arr[i] = i;
    tmp = arr[i] + sum;
    arr[i] = sum;
    sum = tmp;
}
);

Unification

Thanks to UsYer, who figured out that UnrollerS, UnrollerD, UnrollerM, and UnrollerL can be combined to a single, STL-compliant template:

template<int Begin, int End, int Step = 1>
struct Unroller {
    template<typename Action>
    static void step(Action& action) {
        action(Begin);
        Unroller<Begin+Step, End, Step>::step(func);
    }
};

template<int End, int Step>
struct Unroller<End, End, Step> {
    template<typename Action>
    static void step(Action& action) {
    }
};

The only requirement for Action is that it must be callable, so any function or functor with operator()(int) fits. The previous examples could work like this:

int numbers[] = {1, 22, 333, 4444, 55555};

//use a free or static function:
Unroller<10, 20, 2>::step(Printer::act);

//use a functor:    
ArrayPrinter ap;
ap.items = numbers;
Unroller<1, 4>::step(ap);

//Unroll memberfunction with the help of c++1x's std::bind 
MultiFunctor mfunc;
Unroller<20,0,-1>::step(std::bind(&MultiFunctor::twice,&mfunc,std::placeholders::_1));

//Of course lambdas are supported as well, because they are callable too(std::function)
Unroller<0, 5>::step([&numbers](int i){cout << numbers[i] << ' ';});

Conclusion

Loop unrolling is a fancy tool to get several percent speedup. If you overdo it (too large trip count), your code might get slower (program code doesn't fit into the L1 cache). Just test it out, and feel the difference. With these templates, you can unleash the power and keep the maintainability.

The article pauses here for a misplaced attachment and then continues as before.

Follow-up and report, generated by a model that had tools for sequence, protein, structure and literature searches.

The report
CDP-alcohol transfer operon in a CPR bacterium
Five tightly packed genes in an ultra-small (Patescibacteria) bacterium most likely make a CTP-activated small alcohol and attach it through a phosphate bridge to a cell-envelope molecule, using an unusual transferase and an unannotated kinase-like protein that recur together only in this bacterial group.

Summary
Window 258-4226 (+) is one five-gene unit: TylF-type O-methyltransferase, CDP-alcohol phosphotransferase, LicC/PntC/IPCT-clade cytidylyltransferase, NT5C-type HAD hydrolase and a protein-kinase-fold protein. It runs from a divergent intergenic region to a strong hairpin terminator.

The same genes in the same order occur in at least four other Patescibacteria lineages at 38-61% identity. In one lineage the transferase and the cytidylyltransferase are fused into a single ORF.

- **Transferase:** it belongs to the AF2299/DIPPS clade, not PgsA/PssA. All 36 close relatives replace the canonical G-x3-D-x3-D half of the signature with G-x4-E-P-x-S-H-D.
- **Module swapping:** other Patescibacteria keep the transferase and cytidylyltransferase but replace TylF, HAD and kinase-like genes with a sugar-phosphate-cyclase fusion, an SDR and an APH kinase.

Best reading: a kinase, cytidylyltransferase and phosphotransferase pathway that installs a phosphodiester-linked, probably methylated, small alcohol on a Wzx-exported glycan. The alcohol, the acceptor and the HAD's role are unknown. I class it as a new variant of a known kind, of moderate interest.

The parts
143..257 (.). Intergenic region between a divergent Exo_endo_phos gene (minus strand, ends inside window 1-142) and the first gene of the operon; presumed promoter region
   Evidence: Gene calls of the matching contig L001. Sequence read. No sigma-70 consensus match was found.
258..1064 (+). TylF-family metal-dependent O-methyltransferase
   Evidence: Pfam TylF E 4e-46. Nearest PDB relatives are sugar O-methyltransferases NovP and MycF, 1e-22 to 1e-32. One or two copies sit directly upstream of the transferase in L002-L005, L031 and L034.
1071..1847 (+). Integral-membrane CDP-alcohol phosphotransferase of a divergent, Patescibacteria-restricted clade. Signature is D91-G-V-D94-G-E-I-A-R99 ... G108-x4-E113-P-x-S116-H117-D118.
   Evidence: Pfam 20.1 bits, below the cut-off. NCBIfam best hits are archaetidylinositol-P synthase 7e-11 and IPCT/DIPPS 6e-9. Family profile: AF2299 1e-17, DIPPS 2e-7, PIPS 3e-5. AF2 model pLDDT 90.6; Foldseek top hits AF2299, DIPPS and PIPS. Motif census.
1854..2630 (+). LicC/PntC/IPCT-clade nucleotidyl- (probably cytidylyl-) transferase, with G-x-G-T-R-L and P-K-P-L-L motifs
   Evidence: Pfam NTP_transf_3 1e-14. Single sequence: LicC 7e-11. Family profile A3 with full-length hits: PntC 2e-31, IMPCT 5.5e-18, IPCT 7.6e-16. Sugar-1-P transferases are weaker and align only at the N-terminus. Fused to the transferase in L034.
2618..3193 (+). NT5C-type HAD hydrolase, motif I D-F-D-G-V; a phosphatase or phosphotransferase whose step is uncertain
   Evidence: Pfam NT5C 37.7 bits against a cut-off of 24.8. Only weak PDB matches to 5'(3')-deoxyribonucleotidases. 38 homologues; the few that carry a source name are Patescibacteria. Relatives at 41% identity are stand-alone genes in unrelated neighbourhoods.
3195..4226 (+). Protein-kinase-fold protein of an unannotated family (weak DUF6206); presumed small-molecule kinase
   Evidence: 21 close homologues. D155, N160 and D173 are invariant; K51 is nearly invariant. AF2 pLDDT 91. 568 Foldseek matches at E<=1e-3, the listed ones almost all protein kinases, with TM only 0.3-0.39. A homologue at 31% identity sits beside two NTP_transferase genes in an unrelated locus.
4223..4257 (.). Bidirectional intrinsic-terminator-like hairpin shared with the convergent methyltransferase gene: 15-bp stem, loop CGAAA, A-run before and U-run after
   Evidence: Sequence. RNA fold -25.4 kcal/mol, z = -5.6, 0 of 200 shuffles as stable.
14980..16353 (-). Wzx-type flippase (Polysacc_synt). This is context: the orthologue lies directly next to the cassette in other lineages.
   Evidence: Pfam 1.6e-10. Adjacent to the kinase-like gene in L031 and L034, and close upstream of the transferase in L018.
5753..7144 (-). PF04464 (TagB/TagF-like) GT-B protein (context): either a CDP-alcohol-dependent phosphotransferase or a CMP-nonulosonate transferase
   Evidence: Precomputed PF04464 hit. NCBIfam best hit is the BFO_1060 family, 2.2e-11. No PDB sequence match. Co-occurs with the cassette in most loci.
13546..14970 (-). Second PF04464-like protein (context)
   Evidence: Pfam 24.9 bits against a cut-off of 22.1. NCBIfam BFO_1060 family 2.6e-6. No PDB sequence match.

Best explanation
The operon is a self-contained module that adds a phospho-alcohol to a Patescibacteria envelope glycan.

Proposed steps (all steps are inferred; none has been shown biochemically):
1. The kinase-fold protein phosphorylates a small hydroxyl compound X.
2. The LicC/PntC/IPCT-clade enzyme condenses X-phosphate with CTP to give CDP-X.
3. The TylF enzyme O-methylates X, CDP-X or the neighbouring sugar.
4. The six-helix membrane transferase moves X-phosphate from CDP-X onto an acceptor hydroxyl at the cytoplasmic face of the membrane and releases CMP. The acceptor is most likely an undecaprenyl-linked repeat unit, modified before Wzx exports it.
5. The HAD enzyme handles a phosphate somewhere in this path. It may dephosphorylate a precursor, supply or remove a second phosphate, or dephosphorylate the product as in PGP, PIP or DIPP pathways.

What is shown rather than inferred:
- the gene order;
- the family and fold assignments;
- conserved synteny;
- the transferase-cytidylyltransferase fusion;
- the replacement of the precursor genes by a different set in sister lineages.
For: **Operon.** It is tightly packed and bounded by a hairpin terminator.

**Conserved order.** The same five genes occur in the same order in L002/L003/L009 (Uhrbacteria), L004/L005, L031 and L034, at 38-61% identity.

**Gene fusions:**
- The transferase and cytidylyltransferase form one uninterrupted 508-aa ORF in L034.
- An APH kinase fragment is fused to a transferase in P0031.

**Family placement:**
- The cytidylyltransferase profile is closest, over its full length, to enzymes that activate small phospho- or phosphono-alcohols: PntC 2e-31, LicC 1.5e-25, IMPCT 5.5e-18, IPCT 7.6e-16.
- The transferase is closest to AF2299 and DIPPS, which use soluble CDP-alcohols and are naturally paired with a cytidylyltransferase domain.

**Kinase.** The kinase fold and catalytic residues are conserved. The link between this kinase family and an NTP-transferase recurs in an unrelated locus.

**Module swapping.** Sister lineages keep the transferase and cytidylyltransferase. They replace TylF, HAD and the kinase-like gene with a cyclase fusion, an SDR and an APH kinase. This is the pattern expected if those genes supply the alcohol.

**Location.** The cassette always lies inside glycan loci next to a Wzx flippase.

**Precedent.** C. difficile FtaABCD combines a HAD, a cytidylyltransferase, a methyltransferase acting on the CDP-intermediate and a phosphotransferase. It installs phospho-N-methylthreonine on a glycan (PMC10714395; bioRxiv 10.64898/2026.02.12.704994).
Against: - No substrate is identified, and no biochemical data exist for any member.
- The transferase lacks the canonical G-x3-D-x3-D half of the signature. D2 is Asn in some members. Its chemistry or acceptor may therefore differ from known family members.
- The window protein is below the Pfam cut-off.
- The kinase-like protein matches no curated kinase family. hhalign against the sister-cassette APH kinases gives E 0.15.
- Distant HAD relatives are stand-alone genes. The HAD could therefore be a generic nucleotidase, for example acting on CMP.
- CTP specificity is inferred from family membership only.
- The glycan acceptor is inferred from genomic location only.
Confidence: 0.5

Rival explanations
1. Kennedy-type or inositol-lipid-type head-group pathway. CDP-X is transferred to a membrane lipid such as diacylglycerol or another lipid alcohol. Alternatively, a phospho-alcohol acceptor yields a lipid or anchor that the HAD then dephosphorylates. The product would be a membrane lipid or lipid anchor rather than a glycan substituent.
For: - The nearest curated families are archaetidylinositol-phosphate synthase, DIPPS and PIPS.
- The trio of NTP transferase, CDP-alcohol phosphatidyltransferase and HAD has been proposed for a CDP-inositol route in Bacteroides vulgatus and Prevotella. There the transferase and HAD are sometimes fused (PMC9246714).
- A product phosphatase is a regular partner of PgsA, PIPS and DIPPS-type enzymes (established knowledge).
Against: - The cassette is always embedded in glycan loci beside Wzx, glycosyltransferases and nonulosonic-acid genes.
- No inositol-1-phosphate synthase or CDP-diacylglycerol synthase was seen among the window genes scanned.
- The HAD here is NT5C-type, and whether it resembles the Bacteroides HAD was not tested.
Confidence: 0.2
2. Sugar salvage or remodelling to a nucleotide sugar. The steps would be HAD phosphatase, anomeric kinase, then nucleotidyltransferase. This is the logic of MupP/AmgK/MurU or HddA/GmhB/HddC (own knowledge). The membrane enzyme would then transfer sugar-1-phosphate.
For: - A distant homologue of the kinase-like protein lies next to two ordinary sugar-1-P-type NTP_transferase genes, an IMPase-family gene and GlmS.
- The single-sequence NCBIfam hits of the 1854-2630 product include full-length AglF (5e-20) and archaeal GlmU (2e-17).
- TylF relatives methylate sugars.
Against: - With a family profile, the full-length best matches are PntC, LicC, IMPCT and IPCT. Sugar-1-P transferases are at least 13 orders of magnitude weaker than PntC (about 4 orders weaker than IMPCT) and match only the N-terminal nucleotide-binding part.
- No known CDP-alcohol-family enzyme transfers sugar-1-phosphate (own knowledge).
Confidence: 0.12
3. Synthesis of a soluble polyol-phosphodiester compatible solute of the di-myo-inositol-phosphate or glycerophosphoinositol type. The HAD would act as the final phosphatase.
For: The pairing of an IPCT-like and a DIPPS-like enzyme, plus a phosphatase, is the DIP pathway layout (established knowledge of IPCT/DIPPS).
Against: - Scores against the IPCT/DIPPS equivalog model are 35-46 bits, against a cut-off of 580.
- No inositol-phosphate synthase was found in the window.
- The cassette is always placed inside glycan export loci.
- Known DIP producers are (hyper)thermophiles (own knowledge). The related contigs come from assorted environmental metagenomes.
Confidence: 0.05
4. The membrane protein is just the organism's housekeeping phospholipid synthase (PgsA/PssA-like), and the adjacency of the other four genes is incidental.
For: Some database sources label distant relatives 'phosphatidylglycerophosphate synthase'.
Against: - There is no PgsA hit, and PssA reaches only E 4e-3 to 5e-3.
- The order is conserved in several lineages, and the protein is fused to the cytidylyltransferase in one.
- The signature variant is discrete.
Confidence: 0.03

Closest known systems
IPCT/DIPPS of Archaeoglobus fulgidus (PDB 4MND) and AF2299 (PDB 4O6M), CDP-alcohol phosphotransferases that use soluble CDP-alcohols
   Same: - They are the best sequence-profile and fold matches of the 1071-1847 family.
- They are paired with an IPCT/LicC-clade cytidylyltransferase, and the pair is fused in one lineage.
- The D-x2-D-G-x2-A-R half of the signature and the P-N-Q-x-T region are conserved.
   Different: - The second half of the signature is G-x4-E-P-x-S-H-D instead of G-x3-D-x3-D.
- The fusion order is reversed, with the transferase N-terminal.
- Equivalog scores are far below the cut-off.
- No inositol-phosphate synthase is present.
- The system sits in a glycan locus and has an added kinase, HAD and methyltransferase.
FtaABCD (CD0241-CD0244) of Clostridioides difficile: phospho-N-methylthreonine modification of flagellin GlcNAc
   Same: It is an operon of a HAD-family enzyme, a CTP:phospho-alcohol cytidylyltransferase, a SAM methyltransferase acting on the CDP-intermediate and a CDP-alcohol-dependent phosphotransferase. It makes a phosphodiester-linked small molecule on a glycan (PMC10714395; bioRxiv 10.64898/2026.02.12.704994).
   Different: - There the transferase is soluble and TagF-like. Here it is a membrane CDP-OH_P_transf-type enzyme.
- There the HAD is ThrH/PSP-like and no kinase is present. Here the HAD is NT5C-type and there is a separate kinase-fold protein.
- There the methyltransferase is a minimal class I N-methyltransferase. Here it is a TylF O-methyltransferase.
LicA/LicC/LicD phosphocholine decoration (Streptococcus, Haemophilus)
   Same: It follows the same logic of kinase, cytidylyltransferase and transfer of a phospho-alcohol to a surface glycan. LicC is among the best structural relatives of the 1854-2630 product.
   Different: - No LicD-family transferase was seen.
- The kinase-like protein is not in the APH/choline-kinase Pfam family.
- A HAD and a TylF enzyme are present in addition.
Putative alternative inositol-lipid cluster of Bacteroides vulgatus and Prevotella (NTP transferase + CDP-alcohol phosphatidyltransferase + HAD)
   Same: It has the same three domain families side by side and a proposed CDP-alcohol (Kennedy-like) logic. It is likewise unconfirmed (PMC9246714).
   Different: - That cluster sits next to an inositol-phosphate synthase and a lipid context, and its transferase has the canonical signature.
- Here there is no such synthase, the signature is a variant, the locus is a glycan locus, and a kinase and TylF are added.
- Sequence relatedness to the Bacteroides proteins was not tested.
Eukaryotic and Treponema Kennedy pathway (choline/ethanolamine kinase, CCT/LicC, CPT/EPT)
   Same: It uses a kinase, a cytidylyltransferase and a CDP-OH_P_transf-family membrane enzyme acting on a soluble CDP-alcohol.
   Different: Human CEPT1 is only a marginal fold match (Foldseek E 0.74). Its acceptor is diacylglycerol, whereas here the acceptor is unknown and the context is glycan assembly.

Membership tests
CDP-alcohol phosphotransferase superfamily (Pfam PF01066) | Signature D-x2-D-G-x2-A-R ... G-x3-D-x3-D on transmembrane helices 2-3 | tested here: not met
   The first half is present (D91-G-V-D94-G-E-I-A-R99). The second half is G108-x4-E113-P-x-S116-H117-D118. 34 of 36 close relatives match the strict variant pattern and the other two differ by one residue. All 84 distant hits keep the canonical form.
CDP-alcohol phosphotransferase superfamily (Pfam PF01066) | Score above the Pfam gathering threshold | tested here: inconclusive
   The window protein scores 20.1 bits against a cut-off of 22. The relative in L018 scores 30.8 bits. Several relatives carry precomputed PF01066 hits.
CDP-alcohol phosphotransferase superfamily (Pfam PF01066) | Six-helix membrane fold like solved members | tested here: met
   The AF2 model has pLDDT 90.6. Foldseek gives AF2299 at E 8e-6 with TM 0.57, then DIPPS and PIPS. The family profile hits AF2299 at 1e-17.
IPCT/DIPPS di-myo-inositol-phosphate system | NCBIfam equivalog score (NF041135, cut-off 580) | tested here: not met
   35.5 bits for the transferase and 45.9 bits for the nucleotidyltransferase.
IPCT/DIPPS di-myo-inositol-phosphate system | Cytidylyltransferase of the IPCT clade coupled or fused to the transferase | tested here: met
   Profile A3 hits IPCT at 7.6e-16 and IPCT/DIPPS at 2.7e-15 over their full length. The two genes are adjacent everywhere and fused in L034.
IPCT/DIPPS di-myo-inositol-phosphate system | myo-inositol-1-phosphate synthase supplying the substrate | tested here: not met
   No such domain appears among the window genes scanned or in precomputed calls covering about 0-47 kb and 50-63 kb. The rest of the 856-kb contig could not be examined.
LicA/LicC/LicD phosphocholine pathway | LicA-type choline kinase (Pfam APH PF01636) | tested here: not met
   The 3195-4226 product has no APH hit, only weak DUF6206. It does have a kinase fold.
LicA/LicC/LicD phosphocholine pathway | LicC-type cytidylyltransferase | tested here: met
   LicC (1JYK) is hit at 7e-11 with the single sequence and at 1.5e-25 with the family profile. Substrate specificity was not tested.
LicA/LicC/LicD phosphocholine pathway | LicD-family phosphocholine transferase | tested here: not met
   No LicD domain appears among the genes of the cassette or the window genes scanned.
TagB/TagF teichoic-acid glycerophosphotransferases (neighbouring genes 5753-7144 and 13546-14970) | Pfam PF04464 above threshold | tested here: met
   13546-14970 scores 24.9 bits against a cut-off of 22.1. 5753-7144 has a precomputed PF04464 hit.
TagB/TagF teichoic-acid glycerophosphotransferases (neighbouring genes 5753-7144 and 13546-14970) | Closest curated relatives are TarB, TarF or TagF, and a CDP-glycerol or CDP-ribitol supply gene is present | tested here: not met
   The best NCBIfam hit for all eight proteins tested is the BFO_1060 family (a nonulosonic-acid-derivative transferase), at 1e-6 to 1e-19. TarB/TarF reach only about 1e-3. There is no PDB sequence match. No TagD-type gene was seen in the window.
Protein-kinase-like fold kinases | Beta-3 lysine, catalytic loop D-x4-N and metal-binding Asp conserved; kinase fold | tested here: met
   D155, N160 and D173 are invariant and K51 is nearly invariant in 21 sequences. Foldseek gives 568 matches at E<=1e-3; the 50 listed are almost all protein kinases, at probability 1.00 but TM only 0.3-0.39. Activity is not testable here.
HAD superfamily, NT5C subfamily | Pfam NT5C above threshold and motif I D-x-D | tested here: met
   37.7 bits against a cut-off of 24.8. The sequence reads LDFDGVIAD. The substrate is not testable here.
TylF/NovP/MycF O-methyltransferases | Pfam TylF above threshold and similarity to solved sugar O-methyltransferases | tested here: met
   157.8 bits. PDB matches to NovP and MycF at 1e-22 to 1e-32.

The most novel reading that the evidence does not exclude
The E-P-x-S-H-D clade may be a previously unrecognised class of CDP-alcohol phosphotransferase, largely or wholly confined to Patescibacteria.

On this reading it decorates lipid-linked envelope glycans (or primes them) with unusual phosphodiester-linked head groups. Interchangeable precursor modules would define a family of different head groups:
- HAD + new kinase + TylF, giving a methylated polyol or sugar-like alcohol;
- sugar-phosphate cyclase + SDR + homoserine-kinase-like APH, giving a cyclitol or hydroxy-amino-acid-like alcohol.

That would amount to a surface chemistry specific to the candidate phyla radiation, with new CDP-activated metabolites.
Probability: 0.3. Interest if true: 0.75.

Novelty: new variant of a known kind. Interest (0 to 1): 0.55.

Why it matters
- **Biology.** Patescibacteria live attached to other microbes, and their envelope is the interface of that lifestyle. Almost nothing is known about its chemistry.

History

  • v2.1: Added partial unrolling and unifying some unrollers, thanks to UsYer.
  • v2.01: Sample project can be downloaded.
  • v2.0: Added support for lambda functions, performance test, and sample project.
  • v1.1: Added member function pointers and variable step count.
  • v1.0: Initial version.

License

This article, along with any associated source code and files, is licensed under The Code Project Open License (CPOL)

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About the Author

Kevin Drzycimski
Student
Germany Germany
Mathematical and Technical Software Developer
BSc Scientific Programming
MSc Technical Mathematics

Learned programming with Basic and Pascal, developed some skills with PHP, did some projects with C# dealing XML and Webservices and focused on numerical/statistical simulation and GPU-Clusters with CUDA.

Now earning a PhD in Computational Fluid Dynamics

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Comments and Discussions

 
GeneralMy vote of 5 Pin
David Serrano Martínez16-Jan-13 3:17
memberDavid Serrano Martínez16-Jan-13 3:17 
GeneralMy vote of 5 Pin
tiktaktoe27-Feb-12 11:47
membertiktaktoe27-Feb-12 11:47 
GeneralMy vote of 5 Pin
jax1017-Jan-12 7:29
memberjax1017-Jan-12 7:29 
QuestionUnrollerP example Pin
jax1017-Jan-12 7:29
memberjax1017-Jan-12 7:29 
GeneralUnification of the unroller-template [modified] Pin
UsYer2-May-10 10:00
memberUsYer2-May-10 10:00 
GeneralRe: Unification of the unroller-template Pin
Kevin Drzycimski2-May-10 22:03
memberKevin Drzycimski2-May-10 22:03 
GeneralRe: Unification of the unroller-template Pin
UsYer3-May-10 5:54
memberUsYer3-May-10 5:54 
GeneralDuff's device Pin
Randor 30-Apr-10 8:35
member Randor 30-Apr-10 8:35 
GeneralRe: Duff's device Pin
Kevin Drzycimski30-Apr-10 22:35
memberKevin Drzycimski30-Apr-10 22:35 
GeneralMy vote of 5 Pin
S.H.Bouwhuis26-Apr-10 21:51
memberS.H.Bouwhuis26-Apr-10 21:51 
GeneralRe: My vote of 5 Pin
Kevin Drzycimski27-Apr-10 2:25
memberKevin Drzycimski27-Apr-10 2:25 
GeneralRe: My vote of 5 Pin
S.H.Bouwhuis27-Apr-10 2:45
memberS.H.Bouwhuis27-Apr-10 2:45